I’ve been using laser printed artwork for making printer circuit boards for years. Prior to the advent of low cost laser printers I used either true photographic processes or Bishop decals and tape to lay the board out by hand on drafting cart (translucent) paper.
Figure 1. Typical Laser Printed Mylar Negative of Panel
Laser printed artwork on Mylar film is incredibly convenient, produced directly from your CAD package. But there are some potential issues that you need to be aware of.
Some Mylar film will thermally distort in a laser printer. The test for this problem is to overlay the Mylar on a paper print. They should correspond exactly. If this is a problem then either adjust your printer settings (the paper thickness may be too thick causing excessive fuser heating) or change your Mylar film.
The toner isn’t completely opaque. Change the printer settings to increase the contrast (and avoid toner saver settings). Check that the toner cartridge isn’t empty. Ensure the image is monochrome (not grey scale) and adjust the printer settings to suit. If this is still a problem then consider using two stacked negatives.
There are spots on the image. Check that the laser printer drum is clean and within the service life. This is likely to occur if you have tried to print on media that is not designed for laser printing. It is possible to re-polish a drum clean. Contact me if you want specific advice on how to do this.
There are stripes in the image. Check that the corona wire is clean (some printers provide a slider for cleaning this). Ensure that the toner is evenly distributed in the cartridge by shaking it gently from side to side.
The toner doesn’t adhere to the Mylar. This causes toner scratches and flakes during handling. and is caused by a low fuser temperature. Increase the paper thickness setting on the printer or select the Mylar media setting if it has one. If you still have a problem then find some thinner Mylar sheet.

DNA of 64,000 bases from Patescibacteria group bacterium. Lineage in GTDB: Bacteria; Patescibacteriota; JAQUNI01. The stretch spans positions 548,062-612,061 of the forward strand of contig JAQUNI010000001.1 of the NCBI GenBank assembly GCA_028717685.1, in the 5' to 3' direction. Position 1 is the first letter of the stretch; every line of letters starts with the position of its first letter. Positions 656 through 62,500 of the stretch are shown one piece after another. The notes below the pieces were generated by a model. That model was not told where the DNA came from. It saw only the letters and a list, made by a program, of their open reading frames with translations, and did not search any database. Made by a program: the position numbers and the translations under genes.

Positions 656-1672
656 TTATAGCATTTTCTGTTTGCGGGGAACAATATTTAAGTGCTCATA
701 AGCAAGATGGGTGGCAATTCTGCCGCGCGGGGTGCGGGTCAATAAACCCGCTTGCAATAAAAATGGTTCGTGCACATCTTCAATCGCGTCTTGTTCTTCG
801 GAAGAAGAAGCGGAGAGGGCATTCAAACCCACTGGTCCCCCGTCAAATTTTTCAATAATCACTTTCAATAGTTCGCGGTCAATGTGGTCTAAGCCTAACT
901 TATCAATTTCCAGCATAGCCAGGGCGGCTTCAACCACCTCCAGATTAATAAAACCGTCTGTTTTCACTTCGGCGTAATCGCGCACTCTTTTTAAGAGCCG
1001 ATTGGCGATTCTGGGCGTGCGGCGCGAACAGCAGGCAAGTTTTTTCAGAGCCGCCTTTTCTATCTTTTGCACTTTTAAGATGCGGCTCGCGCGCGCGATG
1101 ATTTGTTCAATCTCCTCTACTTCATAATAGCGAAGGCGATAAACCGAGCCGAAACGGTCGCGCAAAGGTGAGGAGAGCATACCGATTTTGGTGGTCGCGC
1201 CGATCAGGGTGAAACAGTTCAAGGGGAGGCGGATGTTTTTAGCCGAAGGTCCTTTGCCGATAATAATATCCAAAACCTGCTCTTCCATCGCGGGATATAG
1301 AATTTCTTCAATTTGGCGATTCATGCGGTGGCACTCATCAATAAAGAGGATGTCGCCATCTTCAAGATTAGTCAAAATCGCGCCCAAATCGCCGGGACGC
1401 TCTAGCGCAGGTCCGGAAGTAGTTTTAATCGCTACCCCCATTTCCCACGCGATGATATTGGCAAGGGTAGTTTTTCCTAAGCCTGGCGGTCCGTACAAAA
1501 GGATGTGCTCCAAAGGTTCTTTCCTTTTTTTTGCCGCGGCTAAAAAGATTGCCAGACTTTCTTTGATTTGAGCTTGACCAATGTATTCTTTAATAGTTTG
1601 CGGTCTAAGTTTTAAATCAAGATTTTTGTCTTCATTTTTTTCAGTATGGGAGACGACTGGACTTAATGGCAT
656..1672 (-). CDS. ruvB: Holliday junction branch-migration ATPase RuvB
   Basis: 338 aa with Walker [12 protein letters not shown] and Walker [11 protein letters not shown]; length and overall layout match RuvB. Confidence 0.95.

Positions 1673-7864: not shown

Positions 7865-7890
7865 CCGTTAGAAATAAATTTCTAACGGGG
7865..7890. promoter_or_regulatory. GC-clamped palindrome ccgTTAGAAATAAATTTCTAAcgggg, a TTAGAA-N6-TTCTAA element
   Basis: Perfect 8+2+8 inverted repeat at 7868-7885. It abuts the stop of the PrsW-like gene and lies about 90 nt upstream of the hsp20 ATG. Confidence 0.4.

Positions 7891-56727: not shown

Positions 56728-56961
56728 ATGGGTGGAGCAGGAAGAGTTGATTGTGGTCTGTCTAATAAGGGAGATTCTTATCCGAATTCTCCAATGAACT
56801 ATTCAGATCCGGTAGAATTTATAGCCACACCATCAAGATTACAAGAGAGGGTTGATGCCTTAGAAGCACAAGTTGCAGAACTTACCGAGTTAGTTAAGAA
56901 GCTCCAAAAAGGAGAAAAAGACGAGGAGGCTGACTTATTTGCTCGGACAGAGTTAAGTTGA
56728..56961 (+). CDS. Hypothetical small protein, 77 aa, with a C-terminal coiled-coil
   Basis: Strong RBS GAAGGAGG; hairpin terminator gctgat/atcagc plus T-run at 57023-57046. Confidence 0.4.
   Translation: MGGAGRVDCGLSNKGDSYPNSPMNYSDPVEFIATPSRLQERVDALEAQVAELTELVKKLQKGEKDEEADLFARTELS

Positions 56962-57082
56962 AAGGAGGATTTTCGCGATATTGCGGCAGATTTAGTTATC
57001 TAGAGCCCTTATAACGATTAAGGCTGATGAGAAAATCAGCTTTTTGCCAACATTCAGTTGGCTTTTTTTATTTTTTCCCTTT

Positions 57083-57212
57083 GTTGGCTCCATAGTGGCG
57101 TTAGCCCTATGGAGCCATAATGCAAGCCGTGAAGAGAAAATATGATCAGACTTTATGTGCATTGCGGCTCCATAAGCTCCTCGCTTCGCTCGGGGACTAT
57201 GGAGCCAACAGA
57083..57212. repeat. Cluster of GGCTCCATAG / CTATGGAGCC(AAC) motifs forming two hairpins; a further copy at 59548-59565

Print at the highest native resolution of the printer. This should be at least 600 dpi, but 1,200 and 2,400 dpi should improve artwork resolution.
Orientate the image so the toner side will be facing towards the board (against the resist). This reduces blurring of the image beneath opaque edges.
Be sure to use clean, dust and scratch free Mylar film. Avoid handling the film in the image area both before and after printing.
Short of a vacuum table, apply a sheet of clean Perspex or glass on top of the artwork when aligning it to the board to remove any tendency for the Mylar to curl or lift off the board.
If you follow this guidance you should be producing good artwork, but chances are it will not be dimensionally correct. If you think about how a laser printer actually works then you should be amazed that it produces recognizable images at all, and not at all surprised that the image is unlikely to be the exact specified size.
Your laser printer should have an excellent aspect ratio but chances are that absolute dimensional accuracy is up to +/- 1% out. When you look at an image you will probably see when stuff isn’t square or circular when it should be, but for most images and text, absolute dimensional accuracy isn’t particularly important and is not visually discernible. The problem with using laser printed negatives for printed circuit boards is that dimensional accuracy is critical.